The fourth and final use of “full of grace and truth” is also notable for how it fits into the context of Alma’s encounter with the Ammonihahites. Early in Alma 9, those in Ammonihah disdainfully ask Alma, “Who is God, that sendeth no more authority than one man among this people, to declare unto them the truth of such great and marvelous things?” (Alma 9:6). In response, Alma does two significant things. First, he reminds them of the Lehite covenant, and what happens to those who break it:
Behold, do ye not remember the words which he spake unto Lehi, saying that: Inasmuch as ye shall keep my commandments, ye shall prosper in the land?
And again it is said that: Inasmuch as ye will not keep my commandments ye shall be cut off from the presence of the Lord.
Now I would that ye should remember, that inasmuch as the Lamanites have not kept the commandments of God, they have been cut off from the presence of the Lord.
Now we see that the word of the Lord has been verified in this thing, and the Lamanites have been cut off from his presence, from the beginning of their transgressions in the land. (Alma 9:13–14)
Second, Alma recites the words which were spoken to him by an angel, including the description of the Lord found in Alma 9:26: “And not many days hence the Son of God shall come in his glory; and his glory shall be the glory of the Only Begotten of the Father, full of grace, equity, and truth, full of patience, mercy, and long-suffering, quick to hear the cries of his people and to answer their prayers.” If the phrase “full of grace and truth” in the Gospel of John was intended to allude back to Exodus 34:6–7, this description of Jesus as one who is “full of grace, equity, and truth, full of patience, mercy, and long-suffering, quick to hear the cries of his people and to answer their prayers” is an even stronger connection. By turning the attention of his Ammonihah audience back to both Jehovah’s encounter with Moses on Mount Sinai and the nature of his covenant relationship with his people, Alma is carefully answering their question of “Who is God?” Jehovah may be a God who is “full of grace and truth,” but he is also a God who will not “clear the guilty” and is not afraid to visit “the iniquity of the fathers upon the children, and upon the children’s children, unto the third and to the fourth generation,” to leave “desolate” those who ignore his covenant (Exodus 34:6–7).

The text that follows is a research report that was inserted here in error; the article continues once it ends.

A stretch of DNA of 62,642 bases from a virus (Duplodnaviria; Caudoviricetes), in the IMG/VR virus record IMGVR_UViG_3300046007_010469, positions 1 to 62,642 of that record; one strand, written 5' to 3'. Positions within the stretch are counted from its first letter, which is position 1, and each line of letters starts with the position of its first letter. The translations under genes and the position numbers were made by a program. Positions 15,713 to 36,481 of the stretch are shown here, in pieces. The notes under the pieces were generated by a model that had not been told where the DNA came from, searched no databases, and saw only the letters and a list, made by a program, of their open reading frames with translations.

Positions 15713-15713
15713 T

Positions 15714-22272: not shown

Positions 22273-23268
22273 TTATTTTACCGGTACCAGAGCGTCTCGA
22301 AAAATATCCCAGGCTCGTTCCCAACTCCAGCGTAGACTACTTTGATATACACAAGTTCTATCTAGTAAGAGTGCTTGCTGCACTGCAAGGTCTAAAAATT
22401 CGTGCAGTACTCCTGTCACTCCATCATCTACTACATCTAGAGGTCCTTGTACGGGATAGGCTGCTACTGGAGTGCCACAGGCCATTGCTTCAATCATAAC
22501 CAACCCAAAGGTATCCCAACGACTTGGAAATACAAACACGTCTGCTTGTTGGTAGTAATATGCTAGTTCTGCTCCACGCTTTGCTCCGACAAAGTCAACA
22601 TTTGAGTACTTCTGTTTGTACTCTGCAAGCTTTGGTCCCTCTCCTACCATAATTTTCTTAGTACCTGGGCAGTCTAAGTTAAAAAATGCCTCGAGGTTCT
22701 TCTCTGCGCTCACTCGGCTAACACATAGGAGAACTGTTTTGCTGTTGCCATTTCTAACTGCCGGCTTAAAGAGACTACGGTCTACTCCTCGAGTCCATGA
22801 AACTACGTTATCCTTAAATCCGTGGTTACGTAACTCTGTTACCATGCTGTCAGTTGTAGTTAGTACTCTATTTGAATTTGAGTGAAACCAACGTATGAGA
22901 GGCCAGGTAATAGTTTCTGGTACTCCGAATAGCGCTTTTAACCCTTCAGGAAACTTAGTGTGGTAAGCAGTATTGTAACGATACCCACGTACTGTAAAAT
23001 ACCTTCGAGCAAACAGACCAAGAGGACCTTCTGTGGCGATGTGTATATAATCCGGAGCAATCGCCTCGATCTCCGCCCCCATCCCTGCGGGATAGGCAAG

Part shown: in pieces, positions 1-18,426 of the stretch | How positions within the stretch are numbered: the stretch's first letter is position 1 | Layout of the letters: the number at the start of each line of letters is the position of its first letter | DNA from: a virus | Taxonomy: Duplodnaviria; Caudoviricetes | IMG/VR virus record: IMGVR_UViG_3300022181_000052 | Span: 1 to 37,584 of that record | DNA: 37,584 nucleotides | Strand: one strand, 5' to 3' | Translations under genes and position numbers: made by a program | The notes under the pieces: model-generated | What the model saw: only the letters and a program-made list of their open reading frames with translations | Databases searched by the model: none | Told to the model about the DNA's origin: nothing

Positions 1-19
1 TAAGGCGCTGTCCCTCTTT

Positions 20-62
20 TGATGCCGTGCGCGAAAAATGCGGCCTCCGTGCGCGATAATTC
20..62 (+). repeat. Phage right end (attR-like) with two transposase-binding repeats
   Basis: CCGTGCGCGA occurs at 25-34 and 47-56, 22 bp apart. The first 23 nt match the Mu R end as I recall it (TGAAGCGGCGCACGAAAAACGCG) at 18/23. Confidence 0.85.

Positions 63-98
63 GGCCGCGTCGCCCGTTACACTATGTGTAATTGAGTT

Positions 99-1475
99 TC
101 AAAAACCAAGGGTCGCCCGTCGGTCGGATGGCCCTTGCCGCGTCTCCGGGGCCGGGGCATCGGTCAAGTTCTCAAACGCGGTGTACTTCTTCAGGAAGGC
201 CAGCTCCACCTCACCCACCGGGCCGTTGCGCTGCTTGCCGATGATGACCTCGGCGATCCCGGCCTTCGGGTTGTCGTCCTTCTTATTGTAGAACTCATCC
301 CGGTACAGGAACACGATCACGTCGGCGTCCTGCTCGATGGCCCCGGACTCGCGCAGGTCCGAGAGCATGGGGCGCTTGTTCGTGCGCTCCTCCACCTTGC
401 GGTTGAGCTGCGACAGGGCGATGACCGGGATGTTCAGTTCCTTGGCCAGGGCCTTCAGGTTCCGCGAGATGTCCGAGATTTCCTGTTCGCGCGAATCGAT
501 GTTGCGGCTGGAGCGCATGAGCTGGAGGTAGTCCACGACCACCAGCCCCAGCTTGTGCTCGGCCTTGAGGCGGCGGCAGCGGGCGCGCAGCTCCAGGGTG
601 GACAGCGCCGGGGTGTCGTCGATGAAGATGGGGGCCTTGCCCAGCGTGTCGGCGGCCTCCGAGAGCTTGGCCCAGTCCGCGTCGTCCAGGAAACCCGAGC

By more closely linking the Book of Mormon with the Bible, as Alma 9:26 does by expanding upon the words of God to Moses, the Book of Mormon goes beyond even John’s own attempt to recapitulate the Exodus theophany. In this passage readers observe most clearly that the Book of Mormon does not merely reproduce the language of John, but more fully realizes the connection or link (in this case Moses) common to both. Alma 9:26 is a remarkable composition, one that helps demonstrate the value of a quotation-specific analysis. Readers identify points of contact shared by both the Bible and the Book of Mormon and examine closely the context of the Book of Mormon quotations. Then, by closely monitoring possible similarities and differences in areas such as word choice and word order, readers will be able to identify and explore the nuances present within the text that might not be as apparent upon a traditional reading. An additional value of a microlevel intertextual study is that it allows readers to push beyond thorny issues such as means of translation or Joseph Smith’s “lack” of education. The Bible and the Book of Mormon are undeniably inspired texts, and the points of contact between them seem intended to be found and pondered.  Readers can now focus on why a particular verse or group of verses is present in both texts, rather than getting stuck on how they may have gotten there in the first place.
What the question laid out in this paper comes down to is this: Is there significant meaning to the use of biblical phrases and passages in the Book of Mormon beyond mere rhetoric? Can a meaningful dialogue be established between the Bible and Restoration scripture, one that extends to issues of theology and textuality? Or is the presence of biblical verse in Restoration scripture best understood as God just adopting a voice, one with a certain distinction that faithful readers of the Bible will recognize, without pronouncing value or validity upon the text outside of its uniqueness? On the one hand, God’s appropriation of certain biblical texts in order to provide a voice could be interpreted as severing any link with the original context. It is a rhetorical construct, nothing more. On the other hand, this biblical appropriation could be seen as pushing readers to dig more deeply, to ask again, why Jesus chose this particular verse or author to provide his voice, challenging the reader to merge or amalgamate both ancient and modern scripture to formulate an answer.